A small survey contractor in Australia provides high-accuracy data on big infrastructure
The owner of a large dam in Central Queensland, Australia required high-precision location measurements on several of the facility’s key features. With accessibility and safety of great import, a survey crew minimised risk by using laser scanning. The versatility of the equipment and the crew’s ingenuity made a winning combination as they inverted the scanner to gather data in hard-to-reach places.
Survey work is often straightforward in facilities and travel ways designed for pedestrian use, but what about infrastructure where visitors are the exception and not the rule? Fredriksen, Maclean & Associates received a call from Sunwater, a water service provider, to map their Callide Dam located 12km outside of Biloela. Sunwater wanted a map of the dam and locations of several key features on both the exterior and interior of the massive infrastructure.
The dam’s interior features proved to be the most challenging. The dam had 12 chambers, measuring 14 meters deep and each had a single manhole for access. Half of the chambers contained important outflow pipes while the other six contained massive counterweights that controlled the dam’s gates.
“Being able to use all Trimble equipment together helps streamline the process of collecting the data, processing the data and presenting the data in multiple formats for the end client’s use.” – Scott Macklyn, Project Surveyor, Fredriksen, Maclean & Associates.
Project surveyor Scott Macklyn and his team proposed laser scanning as it would minimise setup locations and fieldwork time, therefore reducing the inherent safety risks associated with working on the dam’s massive framework. “Scanning the dam would not only be simpler than locating features with a total station, but it would also negate the need to send someone down the 14-meter shaft to take measurements, which would require confined-space training,” said Macklyn. The survey crew rented a Trimble X7 scanner as well as an inverted tripod from their local Trimble dealer, UPG (Ultimate Positioning Group).
Although the scanner would save time, the riddle of where and how to set up the instrument remained. The crew experimented with an inverted tripod, and hung the X7 scanner upside down into the manhole, and scanned the chamber’s interior. “After the scan was completed and aligned, I was able to preview the scan in Trimble Perspective in the field,” said Macklyn. “We were amazed at the detail the scanner was able to achieve to allow us to visualise places we couldn’t see from 14 meters up.”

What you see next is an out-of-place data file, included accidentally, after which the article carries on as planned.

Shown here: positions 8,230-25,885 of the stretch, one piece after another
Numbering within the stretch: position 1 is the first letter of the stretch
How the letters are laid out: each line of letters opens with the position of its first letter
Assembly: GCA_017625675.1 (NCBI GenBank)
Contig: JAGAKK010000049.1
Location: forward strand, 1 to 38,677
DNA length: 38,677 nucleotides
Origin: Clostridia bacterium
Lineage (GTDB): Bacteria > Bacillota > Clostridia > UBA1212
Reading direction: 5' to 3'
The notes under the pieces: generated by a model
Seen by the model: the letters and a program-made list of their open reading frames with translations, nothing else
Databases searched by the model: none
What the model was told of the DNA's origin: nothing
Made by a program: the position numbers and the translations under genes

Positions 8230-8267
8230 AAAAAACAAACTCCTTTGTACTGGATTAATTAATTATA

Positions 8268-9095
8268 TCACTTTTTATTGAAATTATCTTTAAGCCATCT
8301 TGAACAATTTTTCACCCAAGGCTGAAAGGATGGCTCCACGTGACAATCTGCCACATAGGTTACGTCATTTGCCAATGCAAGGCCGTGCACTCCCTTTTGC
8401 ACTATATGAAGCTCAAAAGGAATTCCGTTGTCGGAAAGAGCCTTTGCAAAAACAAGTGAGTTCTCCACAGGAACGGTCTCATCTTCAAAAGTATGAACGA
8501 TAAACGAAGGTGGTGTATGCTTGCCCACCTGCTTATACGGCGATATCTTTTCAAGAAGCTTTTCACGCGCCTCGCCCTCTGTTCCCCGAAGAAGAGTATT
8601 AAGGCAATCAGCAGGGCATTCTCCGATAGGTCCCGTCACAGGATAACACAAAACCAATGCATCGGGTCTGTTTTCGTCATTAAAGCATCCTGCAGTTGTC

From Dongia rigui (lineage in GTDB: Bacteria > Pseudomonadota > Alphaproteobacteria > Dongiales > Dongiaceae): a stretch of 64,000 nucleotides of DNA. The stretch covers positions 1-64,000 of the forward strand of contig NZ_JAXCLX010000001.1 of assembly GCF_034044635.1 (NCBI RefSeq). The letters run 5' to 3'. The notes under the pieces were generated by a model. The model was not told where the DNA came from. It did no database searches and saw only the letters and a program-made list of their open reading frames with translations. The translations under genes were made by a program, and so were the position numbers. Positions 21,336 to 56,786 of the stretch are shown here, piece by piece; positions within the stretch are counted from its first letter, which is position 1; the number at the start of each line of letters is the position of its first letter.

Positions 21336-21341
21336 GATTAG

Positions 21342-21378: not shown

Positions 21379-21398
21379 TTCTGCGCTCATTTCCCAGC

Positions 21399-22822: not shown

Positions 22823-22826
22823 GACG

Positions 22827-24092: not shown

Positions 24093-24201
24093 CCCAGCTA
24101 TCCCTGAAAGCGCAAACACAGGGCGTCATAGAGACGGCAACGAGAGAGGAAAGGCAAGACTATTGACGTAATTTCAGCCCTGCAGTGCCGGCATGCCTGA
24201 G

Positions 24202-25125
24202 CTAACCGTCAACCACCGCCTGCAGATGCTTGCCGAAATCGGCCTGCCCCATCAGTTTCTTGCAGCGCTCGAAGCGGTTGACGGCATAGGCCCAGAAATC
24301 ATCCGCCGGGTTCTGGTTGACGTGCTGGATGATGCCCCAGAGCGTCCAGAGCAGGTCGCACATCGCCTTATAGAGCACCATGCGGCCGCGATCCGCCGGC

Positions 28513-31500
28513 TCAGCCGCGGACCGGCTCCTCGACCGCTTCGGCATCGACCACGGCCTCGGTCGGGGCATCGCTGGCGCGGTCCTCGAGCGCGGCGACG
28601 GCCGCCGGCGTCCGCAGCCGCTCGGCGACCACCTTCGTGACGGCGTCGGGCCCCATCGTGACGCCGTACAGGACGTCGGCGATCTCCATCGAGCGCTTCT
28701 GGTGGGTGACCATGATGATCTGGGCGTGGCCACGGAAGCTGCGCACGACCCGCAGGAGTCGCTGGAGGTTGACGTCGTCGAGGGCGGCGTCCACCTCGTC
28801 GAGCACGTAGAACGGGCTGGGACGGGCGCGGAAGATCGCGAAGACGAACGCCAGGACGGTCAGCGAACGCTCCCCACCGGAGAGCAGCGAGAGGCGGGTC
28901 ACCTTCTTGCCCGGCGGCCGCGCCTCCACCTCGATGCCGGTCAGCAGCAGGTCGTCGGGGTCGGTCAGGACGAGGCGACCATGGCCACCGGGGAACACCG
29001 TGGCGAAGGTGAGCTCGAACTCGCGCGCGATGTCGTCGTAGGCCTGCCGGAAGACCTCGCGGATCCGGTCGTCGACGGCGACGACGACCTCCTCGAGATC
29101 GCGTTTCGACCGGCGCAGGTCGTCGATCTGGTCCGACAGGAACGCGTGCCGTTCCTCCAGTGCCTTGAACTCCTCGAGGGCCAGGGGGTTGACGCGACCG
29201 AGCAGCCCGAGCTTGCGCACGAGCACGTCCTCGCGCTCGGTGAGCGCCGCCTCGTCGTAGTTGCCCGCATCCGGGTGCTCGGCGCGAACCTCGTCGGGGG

The crew used their Trimble S6 total station to establish new control points from a legacy control network Sunwater had established for earlier projects. This ensured the scan data was registered on the client’s legacy datum. However, the crew needed to resolve the issue of combining all the individual scans of the chambers. Because each chamber would be scanned from its singular access point, each point cloud would be isolated. Individual chamber point clouds would need to be tied to each other as well as the point cloud of the dam’s exterior. The crew solved this by performing a series of three scans at the manhole above each chamber. They first performed a normal scan above the manhole. Secondly, they put the scanner on the inverted tripod and scanned above the manhole with the instrument upside down. Lastly, the crew lowered the X7 scanner down into the manhole and scanned the chamber below. This 3-scan method achieved sufficient overlap of interior and exterior points to combine all data quickly and easily by automatic registration.
With the Trimble X7, the crew performed 127 individual scans over the course of 2.5 days, an impressive productivity rate. In just two days after fieldwork, the crew processed the scan data in Trimble Business Center and prepared a point cloud as well as a CAD file of the dam layout with the client’s key features prominently displayed. Macklyn was pleased with the results: a global accuracy of +/- 3mm.
Versatile equipment and a willingness to experiment allowed this creative team to develop solutions that met their client’s needs.